This thesis presents the discovery of a surprising phase transition between a topological and a broken symmetry phase. Phase transitions between broken symmetry phases involve a change in symmetry and those between topological phases require a change in topological order; in rare cases, however, transitions may occur between these two broad classes of phases in which the vanishing of the topological order is accompanied by the emergence of a broken symmetry. This thesis describes observations of such a special phase transition in the two-dimensional electron gas confined in the GaAs/AlGaAs structures. When tuned by hydrostatic pressure, the ? = 5/2 and ? = 7/2 fractional quantum Hall states, believed to be prototypical non-Abelian topological phases of the Pfaffian universality class, give way to an electronic nematic phase. Remarkably, the fractional quantum Hall states involved are due to pairing of emergent particles called composite fermions. The findings reported here, therefore, provide an interesting example of competition of pairing and nematicity. This thesis provides an introduction to quantum Hall physics of the two-dimensional electron gas, contains details of the high pressure experiments, and offers a discussion of the ramifications and of the origins of the newly reported phase transition.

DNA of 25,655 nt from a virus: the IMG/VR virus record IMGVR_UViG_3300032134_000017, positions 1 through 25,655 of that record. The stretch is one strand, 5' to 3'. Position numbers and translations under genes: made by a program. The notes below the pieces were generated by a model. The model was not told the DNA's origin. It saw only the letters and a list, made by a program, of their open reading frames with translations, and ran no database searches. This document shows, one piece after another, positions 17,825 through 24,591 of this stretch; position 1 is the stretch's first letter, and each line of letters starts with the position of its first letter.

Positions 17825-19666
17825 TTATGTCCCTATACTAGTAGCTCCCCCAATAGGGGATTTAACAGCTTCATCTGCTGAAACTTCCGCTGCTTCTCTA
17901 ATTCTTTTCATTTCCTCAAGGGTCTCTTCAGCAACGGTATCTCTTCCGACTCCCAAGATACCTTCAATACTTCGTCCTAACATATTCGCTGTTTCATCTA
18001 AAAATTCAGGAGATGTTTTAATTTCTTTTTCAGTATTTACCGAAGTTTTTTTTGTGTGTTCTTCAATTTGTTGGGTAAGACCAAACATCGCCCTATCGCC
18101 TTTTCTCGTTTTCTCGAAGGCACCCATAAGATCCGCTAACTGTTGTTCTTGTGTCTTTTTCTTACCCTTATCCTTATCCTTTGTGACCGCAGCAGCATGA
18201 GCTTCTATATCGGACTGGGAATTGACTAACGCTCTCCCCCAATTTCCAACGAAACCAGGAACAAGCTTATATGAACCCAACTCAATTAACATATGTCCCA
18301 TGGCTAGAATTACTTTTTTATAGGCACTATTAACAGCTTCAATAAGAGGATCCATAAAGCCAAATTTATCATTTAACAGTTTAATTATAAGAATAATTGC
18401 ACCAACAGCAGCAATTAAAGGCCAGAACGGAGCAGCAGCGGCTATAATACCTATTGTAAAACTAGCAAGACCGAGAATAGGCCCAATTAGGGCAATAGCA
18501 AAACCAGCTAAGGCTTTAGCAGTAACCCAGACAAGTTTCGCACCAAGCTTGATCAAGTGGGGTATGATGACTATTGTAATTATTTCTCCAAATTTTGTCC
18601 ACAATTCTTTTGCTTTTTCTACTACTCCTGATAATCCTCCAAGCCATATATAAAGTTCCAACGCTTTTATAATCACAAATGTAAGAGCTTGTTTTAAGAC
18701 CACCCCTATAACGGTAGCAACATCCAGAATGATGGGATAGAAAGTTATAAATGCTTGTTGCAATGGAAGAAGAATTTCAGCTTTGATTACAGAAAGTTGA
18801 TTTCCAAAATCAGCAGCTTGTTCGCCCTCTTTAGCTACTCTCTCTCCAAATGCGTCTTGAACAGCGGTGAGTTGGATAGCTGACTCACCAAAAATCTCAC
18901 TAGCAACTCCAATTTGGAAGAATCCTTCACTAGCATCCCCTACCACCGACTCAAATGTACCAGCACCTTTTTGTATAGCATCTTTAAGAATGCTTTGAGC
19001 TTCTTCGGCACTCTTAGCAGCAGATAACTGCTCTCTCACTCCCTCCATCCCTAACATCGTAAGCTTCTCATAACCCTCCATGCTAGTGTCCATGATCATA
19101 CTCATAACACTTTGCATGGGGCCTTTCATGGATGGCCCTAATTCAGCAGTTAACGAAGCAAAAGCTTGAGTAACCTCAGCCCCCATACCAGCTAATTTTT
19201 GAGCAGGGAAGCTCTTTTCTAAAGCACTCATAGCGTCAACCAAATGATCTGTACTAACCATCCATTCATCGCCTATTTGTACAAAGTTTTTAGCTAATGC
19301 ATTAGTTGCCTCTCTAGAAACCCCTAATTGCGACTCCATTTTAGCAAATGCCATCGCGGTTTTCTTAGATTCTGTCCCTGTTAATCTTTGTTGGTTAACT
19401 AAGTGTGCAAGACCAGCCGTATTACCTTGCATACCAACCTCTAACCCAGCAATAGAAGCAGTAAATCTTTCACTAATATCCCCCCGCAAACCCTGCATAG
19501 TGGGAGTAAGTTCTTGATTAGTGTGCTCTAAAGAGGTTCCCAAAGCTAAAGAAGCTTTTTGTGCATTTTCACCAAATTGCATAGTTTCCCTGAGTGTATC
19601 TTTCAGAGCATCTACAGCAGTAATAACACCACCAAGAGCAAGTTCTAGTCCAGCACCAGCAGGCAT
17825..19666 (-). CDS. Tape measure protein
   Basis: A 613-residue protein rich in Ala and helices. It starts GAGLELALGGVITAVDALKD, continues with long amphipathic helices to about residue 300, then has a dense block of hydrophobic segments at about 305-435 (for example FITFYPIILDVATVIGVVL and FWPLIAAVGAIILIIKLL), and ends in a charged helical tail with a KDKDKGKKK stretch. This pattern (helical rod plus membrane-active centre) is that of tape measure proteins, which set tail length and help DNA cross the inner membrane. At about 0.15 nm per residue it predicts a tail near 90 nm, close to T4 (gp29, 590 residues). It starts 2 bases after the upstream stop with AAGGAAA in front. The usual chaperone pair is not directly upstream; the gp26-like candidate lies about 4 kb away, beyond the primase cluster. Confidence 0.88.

Katherine Schreiber is a postdoctoral researcher at the National High Magnetic Field Laboratory at Los Alamos National Laboratory. She received her PhD from Purdue University in 2018.
Chapter 1 Introduction.- Chapter 2 The Quantum Hall Nematic Phase.- Chapter 3 Low Temperature Measurement Techniques.- Chapter 4 The Quantum Hall Effect and Hydrostatic Pressure.- Chapter 5 The Fractional Quantum Hall State-to-Nematic Phase Transition Under Hydrostatic Pressure.- Chapter 6 Universality of the Fractional Quantum Hall State-to-Nematic Phase Transition at Half-Filling in the Second Landau Level.- Chapter 7 Origin of the Fractional Quantum Hall State-to-Nematic Phase Transition in the Second Landau Level.- References.